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Waterborne

Bruce Murkoff

Waterborne

Author:Bruce Murkoff
Publisher:Knopf
Genre:Debut Fiction

By J. Bowers | Posted 2/25/2004

With the Great American shadow of The Grapes of Wrath looming ever large in the collective literary consciousness, the Great Depression is a gutsy choice of setting for any historical novel, let alone a debut. Although Bruce Murkoff borrows buckets of period scenery and language from John Steinbeck's wellspring, along with a penchant for vividly rendered incidental characters, Waterborne, his Depression-era debut, doesn't come close to reaching Grapes' epic majesty.

Shuttling between three main story lines and four main characters--Lew Beck, an emotionally scarred, pint-sized thug; Filius Poe, a grief-stricken engineer who lost his wife and young son in a boating accident; Lena McCardell, on the lam from life as the unwitting second wife of a bigamist Bible salesman; and her young son Burr--Murkoff uses the itinerant nature of life in the 1930s as a backdrop to explore his characters' backstories, through fully realized flashback vignettes. Excepting several sex scenes that read like Internet fan fiction--all "milky dampness clinging like syrup," and the like--Murkoff has a flair for sensory detail, tempered by an overreliance on adjective-noun constructions. For the most part, however, the childhood environments that Filius, Lena, and Lew remember on their respective treks through America's truck stops and prairie back roads enrich their present-day story lines. Lew's contentious relationship with his Jewish immigrant parents and Lena's experiences with her aforementioned philandering husband make for particularly telling character development, and Filius' memories of his dead wife, Addie, are some of the most striking prose in the novel, tangibly capturing the engineer's deep longing for his lost way of life.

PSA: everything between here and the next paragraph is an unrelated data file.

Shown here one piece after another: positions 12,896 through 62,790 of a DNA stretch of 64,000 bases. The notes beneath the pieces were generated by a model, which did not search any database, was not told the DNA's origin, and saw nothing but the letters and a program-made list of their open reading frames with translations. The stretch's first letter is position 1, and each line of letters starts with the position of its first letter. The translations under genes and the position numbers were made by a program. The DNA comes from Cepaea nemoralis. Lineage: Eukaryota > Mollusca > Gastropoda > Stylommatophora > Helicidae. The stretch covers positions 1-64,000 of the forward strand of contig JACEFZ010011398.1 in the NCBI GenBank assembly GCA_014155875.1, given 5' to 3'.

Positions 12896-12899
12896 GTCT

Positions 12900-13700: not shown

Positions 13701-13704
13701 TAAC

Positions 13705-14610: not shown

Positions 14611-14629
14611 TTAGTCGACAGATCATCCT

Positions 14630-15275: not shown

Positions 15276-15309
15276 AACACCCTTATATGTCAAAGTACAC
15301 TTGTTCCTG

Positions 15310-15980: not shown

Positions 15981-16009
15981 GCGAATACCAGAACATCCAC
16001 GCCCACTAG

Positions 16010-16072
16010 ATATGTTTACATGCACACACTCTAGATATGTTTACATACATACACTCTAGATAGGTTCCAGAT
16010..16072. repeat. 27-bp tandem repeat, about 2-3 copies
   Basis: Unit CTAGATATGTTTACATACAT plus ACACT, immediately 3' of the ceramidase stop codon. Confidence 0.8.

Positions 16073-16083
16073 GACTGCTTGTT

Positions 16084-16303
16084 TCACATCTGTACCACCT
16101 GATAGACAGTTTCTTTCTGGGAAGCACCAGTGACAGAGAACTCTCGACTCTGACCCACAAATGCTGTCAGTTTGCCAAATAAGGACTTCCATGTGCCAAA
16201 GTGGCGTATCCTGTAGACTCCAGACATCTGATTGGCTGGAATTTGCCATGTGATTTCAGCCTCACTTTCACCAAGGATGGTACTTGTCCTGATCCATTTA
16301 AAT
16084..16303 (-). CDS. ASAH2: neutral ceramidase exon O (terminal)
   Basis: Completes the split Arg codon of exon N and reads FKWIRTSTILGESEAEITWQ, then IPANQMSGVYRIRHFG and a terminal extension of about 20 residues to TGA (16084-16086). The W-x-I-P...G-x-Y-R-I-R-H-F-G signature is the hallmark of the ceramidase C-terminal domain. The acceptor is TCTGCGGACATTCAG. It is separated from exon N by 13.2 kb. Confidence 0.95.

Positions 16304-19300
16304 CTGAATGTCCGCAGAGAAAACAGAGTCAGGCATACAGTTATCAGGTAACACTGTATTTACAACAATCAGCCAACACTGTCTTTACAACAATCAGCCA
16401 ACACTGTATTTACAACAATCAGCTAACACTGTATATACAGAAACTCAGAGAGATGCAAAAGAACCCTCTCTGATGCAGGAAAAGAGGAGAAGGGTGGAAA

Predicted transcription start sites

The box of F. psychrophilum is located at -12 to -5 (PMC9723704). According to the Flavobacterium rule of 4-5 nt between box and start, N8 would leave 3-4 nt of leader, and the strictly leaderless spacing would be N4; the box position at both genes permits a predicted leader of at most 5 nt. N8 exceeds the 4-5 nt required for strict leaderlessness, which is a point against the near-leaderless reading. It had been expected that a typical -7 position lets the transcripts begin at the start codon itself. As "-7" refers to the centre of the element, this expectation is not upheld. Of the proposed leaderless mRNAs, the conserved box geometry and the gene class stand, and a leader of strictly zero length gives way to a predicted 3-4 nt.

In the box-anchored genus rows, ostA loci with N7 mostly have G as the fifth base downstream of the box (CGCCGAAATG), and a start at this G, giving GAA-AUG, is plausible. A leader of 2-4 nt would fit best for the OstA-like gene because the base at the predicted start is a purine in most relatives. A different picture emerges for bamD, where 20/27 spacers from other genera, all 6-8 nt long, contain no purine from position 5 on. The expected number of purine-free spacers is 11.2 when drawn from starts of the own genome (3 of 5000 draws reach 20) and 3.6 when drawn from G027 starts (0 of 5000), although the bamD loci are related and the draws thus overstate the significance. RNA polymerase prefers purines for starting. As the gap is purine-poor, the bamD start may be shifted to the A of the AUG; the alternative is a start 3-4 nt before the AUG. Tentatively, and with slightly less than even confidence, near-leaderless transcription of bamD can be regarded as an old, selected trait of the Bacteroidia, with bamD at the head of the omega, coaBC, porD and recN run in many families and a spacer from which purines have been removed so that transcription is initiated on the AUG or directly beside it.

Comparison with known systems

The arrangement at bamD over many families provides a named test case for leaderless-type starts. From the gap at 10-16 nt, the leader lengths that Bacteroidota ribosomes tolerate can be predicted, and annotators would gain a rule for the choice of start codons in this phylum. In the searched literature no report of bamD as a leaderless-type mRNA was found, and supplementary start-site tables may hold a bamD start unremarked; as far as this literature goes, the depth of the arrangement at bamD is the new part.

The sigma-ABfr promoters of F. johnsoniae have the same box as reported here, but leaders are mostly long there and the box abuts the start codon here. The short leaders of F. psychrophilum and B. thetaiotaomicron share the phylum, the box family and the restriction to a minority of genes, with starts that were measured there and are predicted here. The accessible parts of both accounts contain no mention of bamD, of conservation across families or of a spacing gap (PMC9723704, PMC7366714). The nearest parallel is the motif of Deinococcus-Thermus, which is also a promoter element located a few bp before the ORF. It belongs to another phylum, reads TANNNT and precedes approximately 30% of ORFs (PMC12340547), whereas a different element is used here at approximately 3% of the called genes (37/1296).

Of course, it's inevitable that all four characters, like a river flowing toward the sea (a metaphor belabored in the novel's short opening chapter, and revisited ad nauseam throughout), will converge at some point. Murkoff brings everyone together in Boulder City, Colo., "the only city in America where everyone has a job." Once there, the tender attraction between Filius and Lena takes center stage, resulting in a melodramatic, David Guterson-style tale of human connection and triumph over adversity, symbolized by the dam workers' efforts to harness the raw power of the Colorado River. Murkoff loosely parallels his characters' individual transformations with the geographically transformative nature of the Boulder Dam--a choice that feels predictable and heavy-handed. Overall, though, Murkoff's willingness to dwell on physical details, from Filius' "long wing of a nose" to a nameless waitress' "palely shadowed armpit," outweighs Waterborne's self-conscious and ultimately failed attempt at Capital G Greatness.

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